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Road Congestion Wasting Time – and 1.9 Bil Gallons of Gas

Total cost is over $100 billion annually.

by on Mar.26, 2012

Traffic congestion is costing Americans over $100 billion a year, reports a new study.

Worsening road congestion is wasting plenty of time and money – especially when you consider the rising cost of gas.

A new study by the U.S. Treasury Department finds that traffic snarls wasted 1.9 billion gallons of fuel last year — about 5% of the gas American motorists used.  At the current price, that would work out to more than $7 billion nationwide.  Other recent studies have indicated that Americans collectively waste about 5 billion hours in traffic, meanwhile, which works out to billions of dollars more in lost productivity.

In all, the study – prepared in support of the White House effort to upgrade the nation’s highway infrastructure – suggests the total cost in time and money works out to about $100 billion a year.

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The cost of poor quality roads, meanwhile, results in about $400 in added yearly maintenance costs for the typical urban driver.  That runs as high as $756 annually for a motorist in the metropolitan San Jose areas, according to the report.

The Obama Administration is hoping that the report will hope get members of the House of Representatives to finally act on a federal highway bill that has been stalled on Capitol Hill.  The Senate has already passed a two-year measure that will fund infrastructure and transportation programs – and allow the government to continue collecting federal fuel taxes.

House Republicans, however, have been pressing for a five-year, $260 billion measure – but it has so far failed to win enough support.  If the House fails to act – or if the two sides of the Hill fail to come up with a compromise – before the end of the month all federal highway and transportation programs could come to a halt.  Even fuel tax collection would be stopped.  By some estimates, the impact could be as much as 2 million jobs.

House Speaker John Boehner has shifted his position to support the Senate measure but it is unclear whether he can sway enough of his fellow GOP lawmakers.

But there is growing pressure to reach that compromise.

Los Angeles Mayor Antonio Villaraigosa, president of the U.S. Conference of Mayors, says the Treasury Department report is “the latest reminder that it’s time to stop the partisan bickering in Washington and invest in our nation’s infrastructure.”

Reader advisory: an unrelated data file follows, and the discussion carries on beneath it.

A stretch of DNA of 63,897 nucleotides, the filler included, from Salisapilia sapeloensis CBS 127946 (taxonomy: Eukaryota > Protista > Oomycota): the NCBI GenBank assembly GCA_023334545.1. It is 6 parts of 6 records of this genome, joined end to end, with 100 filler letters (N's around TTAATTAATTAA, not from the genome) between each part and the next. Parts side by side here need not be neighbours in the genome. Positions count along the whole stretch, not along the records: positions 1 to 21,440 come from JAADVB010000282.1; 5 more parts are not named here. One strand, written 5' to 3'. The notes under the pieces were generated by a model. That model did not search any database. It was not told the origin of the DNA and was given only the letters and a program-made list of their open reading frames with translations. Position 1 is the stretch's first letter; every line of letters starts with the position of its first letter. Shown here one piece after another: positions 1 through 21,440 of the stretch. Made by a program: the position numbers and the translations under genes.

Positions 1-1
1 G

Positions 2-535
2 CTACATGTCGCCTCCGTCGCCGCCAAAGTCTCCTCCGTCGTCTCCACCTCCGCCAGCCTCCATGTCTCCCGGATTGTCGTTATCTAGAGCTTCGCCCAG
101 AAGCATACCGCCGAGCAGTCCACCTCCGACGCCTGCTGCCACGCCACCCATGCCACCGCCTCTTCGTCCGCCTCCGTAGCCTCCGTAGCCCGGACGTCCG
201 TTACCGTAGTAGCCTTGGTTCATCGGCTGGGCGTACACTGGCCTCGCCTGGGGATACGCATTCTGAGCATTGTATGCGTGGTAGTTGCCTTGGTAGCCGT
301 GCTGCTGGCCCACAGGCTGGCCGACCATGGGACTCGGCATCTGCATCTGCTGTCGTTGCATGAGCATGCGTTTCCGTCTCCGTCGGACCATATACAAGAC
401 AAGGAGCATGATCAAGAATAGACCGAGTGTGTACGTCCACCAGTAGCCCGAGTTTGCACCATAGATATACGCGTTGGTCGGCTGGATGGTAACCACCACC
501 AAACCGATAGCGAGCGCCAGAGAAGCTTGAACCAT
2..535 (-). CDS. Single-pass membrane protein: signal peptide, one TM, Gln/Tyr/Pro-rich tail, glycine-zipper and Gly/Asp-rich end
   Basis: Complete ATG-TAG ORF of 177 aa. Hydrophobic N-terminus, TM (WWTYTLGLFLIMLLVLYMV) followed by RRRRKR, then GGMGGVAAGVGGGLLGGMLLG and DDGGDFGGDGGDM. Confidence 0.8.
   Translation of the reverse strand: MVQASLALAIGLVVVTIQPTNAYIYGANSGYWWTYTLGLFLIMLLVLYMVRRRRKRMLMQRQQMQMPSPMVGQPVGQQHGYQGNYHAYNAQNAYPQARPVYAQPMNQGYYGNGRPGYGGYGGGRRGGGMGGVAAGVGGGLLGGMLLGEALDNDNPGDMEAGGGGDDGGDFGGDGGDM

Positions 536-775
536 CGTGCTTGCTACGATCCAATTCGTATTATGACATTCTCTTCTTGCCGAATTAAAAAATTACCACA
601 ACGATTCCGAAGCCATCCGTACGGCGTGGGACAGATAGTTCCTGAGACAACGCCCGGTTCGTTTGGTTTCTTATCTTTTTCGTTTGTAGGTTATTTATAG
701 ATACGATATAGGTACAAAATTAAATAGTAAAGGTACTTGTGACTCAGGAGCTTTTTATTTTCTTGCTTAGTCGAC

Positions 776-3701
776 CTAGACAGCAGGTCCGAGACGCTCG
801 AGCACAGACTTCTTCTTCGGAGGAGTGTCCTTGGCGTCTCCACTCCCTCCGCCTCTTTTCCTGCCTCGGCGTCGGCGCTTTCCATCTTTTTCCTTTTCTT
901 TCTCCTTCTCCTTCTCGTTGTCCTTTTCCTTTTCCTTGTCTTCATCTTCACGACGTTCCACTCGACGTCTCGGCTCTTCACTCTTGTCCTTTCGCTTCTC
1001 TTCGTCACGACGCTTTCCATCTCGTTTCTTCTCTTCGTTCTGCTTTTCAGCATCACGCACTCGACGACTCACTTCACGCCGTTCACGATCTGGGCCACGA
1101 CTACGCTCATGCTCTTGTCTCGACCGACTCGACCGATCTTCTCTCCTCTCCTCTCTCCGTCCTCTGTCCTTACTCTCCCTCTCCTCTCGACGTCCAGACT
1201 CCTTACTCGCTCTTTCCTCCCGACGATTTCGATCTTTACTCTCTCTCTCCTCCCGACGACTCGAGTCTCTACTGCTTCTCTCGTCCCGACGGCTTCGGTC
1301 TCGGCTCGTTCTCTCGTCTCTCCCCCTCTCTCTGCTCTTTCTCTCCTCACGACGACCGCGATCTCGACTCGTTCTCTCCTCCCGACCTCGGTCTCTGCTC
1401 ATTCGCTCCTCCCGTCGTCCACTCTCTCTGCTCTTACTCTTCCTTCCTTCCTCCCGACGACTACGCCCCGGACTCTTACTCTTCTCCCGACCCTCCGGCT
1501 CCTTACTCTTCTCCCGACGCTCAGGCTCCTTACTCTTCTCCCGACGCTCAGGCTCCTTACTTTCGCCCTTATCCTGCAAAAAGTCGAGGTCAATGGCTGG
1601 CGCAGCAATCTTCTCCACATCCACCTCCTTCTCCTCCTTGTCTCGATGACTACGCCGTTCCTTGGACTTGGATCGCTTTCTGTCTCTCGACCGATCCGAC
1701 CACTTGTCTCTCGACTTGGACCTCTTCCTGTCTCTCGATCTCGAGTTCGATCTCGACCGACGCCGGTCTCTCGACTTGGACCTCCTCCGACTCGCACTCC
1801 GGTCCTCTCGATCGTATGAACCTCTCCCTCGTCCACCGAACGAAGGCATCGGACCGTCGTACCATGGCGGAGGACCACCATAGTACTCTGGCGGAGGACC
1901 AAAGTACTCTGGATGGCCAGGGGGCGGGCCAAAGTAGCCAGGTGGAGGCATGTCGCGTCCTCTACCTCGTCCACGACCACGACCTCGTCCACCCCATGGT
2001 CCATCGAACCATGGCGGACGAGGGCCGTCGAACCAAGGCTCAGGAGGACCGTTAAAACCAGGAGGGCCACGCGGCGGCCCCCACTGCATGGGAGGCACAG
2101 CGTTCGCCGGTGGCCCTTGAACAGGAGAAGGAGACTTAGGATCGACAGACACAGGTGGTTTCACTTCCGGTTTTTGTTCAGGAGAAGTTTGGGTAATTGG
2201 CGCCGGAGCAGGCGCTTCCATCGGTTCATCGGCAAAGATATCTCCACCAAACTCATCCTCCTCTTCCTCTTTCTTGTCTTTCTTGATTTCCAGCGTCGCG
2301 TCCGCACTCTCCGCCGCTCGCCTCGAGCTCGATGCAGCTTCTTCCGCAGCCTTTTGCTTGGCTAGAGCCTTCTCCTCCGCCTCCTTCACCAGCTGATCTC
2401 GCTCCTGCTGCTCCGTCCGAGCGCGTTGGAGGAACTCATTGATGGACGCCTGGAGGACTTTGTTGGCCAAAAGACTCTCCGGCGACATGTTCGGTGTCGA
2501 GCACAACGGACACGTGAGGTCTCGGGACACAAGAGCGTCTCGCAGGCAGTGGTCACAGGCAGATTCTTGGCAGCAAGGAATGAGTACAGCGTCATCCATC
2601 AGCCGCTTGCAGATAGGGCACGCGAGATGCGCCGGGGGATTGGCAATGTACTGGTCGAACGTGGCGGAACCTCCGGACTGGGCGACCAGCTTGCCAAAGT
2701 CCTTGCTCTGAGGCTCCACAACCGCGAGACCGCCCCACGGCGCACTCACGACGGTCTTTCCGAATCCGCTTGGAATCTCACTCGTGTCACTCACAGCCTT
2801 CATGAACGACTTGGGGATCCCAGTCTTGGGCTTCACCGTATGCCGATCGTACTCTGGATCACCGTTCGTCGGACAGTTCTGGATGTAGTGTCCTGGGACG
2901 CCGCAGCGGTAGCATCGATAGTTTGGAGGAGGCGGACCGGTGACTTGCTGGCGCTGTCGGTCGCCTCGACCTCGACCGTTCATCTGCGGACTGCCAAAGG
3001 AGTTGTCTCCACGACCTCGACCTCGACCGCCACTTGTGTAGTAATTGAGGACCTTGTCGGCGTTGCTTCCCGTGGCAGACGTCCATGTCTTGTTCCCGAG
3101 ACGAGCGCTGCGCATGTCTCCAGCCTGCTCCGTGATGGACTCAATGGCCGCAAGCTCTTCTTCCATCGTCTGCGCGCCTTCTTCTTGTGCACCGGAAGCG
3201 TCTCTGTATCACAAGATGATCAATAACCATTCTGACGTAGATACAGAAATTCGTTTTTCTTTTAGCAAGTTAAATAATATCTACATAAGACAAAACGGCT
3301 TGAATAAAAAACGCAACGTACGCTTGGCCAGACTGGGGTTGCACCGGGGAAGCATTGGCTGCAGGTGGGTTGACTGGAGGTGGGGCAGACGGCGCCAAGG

The study reveals that:

  • Nine out of 10 Americans spend $1 out of every $7 they earn on transportation;
  • Simply to repair the crumbling U.S. bridge and roadway infrastructure will require an annual $85 billion in spending over the next 20 years;
  • Yet the U.S. spends less on transportation infrastructure than the majority of other major economies, such as Britain and Germany.  For the U.S., it is just 2% of GDP compared to 5% in Europe.  Fast-growing China is currently investing 9%, though that includes a push to create a roadway infrastructure.

The study also reports that the use of highway ridership soared to 10.4 billion paid trips last year, up from about 8 billion in 1996.  The vast majority of that growth has come on light and heavy rail systems.

Ironically, the impact of traffic congestion might have been worse had it not been for the recession, which has seen millions of Americans thrown out of work.  A separate study by Texas A&M University found that the number of hours Americans lost to traffic snarls slipped from a record 5.2 billion hours in 2007 – before the wholesale collapse of the economy – to just 4.6 billion the year after.  The figure has only slowly been rising again as the economy recovers.

On a personal level, the study found the average American losing more than 30 hours annually to traffic congestion, with the figure rising to more than 70 hours in cities like L.A., Washington, D.C., and Chicago.

Transport Bill Trapped in House After Senate OK

Lawmakers under pressure to avert catastrophic shutdown.

by on Mar.15, 2012

The bill passed by the Senate would reportedly "maintain or create" 2.8 million jobs.

In a rare show of bipartisan support, especially as the presidential election nears, the U.S. Senate gave solid approval to a long-delayed federal transportation bill that covers everything from highway construction to the collection of gas taxes.

Capitol Hill lawmakers have been struggling since 2009 to come up with an update to the law, and the 74-22 vote actually just authorized another 2-year extension that would funnel $109 million into everything from road repairs to mass transit programs.  But even that compromise might not make it into law, Washington observers warn – adding that millions of jobs are at stake.

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The House of Representatives, led by Speak John Boehner, R-Ohio, has been struggling to approve its own transport bill – to no avail.  And even though the Republican speaker now says he’d be willing to consider the Senate’s language it is uncertain he can rein in enough of his own party members to push the extension through.

“If there was ever a piece of legislation that should not turn into a partisan fight, this is it,” said Senate Majority Leader Harry Reid (D., Nev.).